This book explores the phenomenon of de facto states in Eurasia: states such as Abkhazia, Nagorno-Karabakh, and the Transnistrian Moldovan Republic. It examines how they are formed, what sustains them, and how their differing development trajectories have unfolded. It argues that most of these de facto states have been formed with either direct or indirect support from Russia, but they all have their own internal logic and are not simply puppets in the hands of a powerful patron. The book provides detailed case studies and draws out general patterns, and compares present-day de facto states with de facto states which existed in the past.
|Publisher:||Taylor & Francis|
|Series:||Routledge Contemporary Russia and Eastern Europe Series|
|Sold by:||Barnes & Noble|
|File size:||6 MB|
About the Author
Tomáš Hoch and Vincenc Kopeček are Assistant Professors in the Department of Human Geography and Regional Development at Ostrava University, Czechia.
Table of Contents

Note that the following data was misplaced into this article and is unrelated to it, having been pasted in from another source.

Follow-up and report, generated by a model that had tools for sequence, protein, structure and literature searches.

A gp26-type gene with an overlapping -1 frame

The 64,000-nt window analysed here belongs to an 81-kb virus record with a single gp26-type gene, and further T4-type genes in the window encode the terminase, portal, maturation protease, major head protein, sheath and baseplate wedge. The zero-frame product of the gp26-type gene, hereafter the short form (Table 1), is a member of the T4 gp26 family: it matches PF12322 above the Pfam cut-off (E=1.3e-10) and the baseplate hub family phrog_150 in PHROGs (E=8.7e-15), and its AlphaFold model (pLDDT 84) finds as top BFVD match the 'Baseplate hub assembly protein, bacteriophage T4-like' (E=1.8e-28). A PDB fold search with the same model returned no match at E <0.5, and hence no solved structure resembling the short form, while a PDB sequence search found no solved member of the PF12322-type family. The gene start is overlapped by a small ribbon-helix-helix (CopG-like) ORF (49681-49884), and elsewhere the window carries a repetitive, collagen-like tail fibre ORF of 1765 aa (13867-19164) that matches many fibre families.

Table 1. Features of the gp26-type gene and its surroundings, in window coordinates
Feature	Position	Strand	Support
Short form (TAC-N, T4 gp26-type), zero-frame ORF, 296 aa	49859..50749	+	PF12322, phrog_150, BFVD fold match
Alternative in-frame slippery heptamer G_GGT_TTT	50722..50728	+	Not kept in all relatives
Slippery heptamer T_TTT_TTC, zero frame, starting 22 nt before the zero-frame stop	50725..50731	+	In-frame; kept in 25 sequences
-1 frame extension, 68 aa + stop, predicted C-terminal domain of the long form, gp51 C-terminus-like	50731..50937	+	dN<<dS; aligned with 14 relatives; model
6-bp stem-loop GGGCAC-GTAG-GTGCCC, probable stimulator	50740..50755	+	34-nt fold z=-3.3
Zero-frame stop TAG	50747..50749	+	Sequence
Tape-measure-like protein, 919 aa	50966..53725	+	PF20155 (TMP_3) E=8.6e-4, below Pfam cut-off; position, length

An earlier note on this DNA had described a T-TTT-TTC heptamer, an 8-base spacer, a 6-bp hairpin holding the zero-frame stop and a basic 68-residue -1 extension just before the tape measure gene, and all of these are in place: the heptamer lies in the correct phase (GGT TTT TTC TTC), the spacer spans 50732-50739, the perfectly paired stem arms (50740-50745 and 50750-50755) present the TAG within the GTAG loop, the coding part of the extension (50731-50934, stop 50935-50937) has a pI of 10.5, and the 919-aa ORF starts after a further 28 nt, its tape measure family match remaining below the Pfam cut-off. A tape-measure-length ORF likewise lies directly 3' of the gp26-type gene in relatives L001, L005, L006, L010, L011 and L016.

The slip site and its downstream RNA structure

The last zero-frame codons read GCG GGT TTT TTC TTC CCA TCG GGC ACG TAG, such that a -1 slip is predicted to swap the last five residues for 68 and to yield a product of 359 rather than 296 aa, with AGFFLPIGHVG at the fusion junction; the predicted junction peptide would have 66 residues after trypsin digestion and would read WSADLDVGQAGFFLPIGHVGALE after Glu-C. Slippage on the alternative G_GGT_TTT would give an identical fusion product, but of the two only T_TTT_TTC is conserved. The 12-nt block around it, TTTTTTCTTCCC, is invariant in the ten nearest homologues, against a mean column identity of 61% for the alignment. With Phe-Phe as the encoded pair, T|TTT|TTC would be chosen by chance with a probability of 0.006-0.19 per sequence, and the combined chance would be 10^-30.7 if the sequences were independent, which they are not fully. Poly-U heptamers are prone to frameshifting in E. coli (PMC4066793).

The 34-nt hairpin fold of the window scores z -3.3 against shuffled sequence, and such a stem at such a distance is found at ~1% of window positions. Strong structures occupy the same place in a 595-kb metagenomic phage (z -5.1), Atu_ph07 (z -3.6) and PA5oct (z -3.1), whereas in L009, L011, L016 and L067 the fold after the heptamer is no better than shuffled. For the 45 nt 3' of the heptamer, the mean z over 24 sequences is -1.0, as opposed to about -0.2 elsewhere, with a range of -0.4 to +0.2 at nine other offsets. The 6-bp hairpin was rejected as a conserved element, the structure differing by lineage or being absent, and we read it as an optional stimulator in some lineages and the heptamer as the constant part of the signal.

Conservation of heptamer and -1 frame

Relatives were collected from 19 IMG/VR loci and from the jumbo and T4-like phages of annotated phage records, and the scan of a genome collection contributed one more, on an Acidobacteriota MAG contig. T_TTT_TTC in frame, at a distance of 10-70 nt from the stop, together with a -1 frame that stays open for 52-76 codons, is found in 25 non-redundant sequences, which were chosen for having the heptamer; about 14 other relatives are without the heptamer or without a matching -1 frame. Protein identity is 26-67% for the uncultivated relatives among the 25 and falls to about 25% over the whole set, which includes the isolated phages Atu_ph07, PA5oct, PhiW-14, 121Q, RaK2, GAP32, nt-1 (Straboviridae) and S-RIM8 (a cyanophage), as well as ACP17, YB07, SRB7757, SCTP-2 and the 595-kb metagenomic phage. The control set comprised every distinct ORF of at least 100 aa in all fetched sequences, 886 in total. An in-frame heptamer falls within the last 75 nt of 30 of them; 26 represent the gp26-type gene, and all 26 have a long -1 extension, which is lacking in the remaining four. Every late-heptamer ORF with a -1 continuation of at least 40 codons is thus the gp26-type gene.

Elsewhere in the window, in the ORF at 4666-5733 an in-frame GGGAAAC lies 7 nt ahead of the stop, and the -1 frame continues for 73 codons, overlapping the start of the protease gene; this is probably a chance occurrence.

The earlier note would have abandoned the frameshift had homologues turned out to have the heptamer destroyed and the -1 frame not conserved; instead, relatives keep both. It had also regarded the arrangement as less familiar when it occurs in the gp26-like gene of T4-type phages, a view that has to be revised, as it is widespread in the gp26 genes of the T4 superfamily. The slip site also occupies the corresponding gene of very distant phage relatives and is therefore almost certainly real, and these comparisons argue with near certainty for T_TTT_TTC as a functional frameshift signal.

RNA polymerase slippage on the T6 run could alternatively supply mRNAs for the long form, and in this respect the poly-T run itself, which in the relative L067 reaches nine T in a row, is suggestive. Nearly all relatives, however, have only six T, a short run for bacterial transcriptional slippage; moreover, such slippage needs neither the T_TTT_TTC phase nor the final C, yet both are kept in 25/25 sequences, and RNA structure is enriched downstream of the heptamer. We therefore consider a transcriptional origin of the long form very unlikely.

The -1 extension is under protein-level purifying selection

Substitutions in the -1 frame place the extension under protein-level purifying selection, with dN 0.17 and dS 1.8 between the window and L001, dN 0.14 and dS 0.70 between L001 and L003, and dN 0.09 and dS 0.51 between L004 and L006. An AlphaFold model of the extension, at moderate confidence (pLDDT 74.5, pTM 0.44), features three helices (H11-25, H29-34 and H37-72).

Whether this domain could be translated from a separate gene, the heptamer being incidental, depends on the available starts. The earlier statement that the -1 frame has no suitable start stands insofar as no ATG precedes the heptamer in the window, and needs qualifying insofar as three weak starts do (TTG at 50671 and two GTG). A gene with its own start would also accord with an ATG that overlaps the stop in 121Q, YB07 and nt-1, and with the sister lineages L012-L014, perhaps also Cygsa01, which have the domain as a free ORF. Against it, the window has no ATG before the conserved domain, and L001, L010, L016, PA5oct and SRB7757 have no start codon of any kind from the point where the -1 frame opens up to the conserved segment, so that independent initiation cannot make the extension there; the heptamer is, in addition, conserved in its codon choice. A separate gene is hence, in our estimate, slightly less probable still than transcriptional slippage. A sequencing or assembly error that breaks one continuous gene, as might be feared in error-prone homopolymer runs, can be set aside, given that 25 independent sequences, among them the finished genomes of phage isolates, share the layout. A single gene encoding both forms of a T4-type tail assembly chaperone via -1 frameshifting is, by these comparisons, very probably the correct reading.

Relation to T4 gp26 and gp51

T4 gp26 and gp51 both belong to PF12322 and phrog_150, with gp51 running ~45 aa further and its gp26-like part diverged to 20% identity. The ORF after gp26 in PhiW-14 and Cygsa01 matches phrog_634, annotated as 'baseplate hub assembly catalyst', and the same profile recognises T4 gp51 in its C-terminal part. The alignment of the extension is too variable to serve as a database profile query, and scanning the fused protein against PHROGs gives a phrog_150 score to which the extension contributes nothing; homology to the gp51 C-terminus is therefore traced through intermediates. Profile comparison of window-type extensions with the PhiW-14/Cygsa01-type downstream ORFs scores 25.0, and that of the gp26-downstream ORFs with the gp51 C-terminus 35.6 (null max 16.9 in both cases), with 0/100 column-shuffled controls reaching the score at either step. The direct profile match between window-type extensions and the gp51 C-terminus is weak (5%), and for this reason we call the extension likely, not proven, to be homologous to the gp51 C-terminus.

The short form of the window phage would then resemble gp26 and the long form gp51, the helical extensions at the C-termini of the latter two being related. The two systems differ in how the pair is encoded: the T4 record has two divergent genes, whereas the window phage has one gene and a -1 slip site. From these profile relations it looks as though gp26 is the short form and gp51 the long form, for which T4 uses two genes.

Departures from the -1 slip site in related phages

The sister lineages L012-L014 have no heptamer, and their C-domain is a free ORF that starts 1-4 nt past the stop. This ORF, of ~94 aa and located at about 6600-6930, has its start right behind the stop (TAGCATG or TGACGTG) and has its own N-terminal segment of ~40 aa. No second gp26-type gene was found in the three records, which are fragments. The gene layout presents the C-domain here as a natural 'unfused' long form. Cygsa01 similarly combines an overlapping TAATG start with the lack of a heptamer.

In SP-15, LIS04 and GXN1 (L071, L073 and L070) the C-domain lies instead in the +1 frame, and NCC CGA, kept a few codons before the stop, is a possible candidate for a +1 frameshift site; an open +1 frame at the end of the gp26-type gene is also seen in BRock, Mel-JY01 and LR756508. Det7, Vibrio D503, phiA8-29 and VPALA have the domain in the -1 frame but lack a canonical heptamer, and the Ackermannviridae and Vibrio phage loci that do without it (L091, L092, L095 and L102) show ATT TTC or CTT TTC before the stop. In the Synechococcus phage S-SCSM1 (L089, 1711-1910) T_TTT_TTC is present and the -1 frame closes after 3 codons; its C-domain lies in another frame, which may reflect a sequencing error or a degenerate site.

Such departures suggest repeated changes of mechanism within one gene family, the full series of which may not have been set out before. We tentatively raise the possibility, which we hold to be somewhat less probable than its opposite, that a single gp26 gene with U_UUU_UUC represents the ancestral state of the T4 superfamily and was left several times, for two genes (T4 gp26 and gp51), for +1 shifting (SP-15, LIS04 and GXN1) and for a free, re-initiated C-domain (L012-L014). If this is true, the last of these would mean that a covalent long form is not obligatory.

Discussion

Introduction, Section 1 De facto statehood: understanding the concept, 1.1 Terminology, 1.2 De facto statehood: overview of the research, 1.3 De facto states and other unrecognized entities in Eurasia, Section 2 Russian territorial expansion and de facto states in the first half of 20th century, 2.1 Introduction to Russian and Soviet territorial expansion, 2.2 Bukharan People’s Soviet Republic: from protectorate to SSR, 2.3 Tuva and Mongolia: between annexation and independence, Section 3 The emergence of de facto states, 3.1 Factors of de facto states’ formation in the post-Soviet area, 3.2 Formation of de facto states in Abkhazia and South Ossetia, 3.3 Nagorno-Karabakh and Javakheti: two different trajectories of Armenian separatist movements, 3.4 Unfinished story of the Donetsk and Luhansk People’s Republics: towards a de facto state? Section 4 How de facto states are sustained and instrumentalized, 4.1 Factors of de facto states’ sustainability, 4.2 Unrecognized states as a means of Russia’s coercive diplomacy? An empirical analysis, 4.3 The patron–client relationship between Russia and Transnistria, 4.4 The Nagorno-Karabakh Republic and the Republic of Armenia: who instrumentalizes whom? 4.5 Inside a de facto state: forming and sustaining the Abkhazian and Nagorno-Karabakh Republic polities, Section 5 Why de facto states fail, 5.1 Possible ends of de facto states, 5.2 Explaining de facto states’ failure, 5.3 Why de facto states fail. Lessons from the Chechen Republic of Ichkeria, 5.4 The emergence and failure of the Gagauz Republic (1989–1995), Conclusion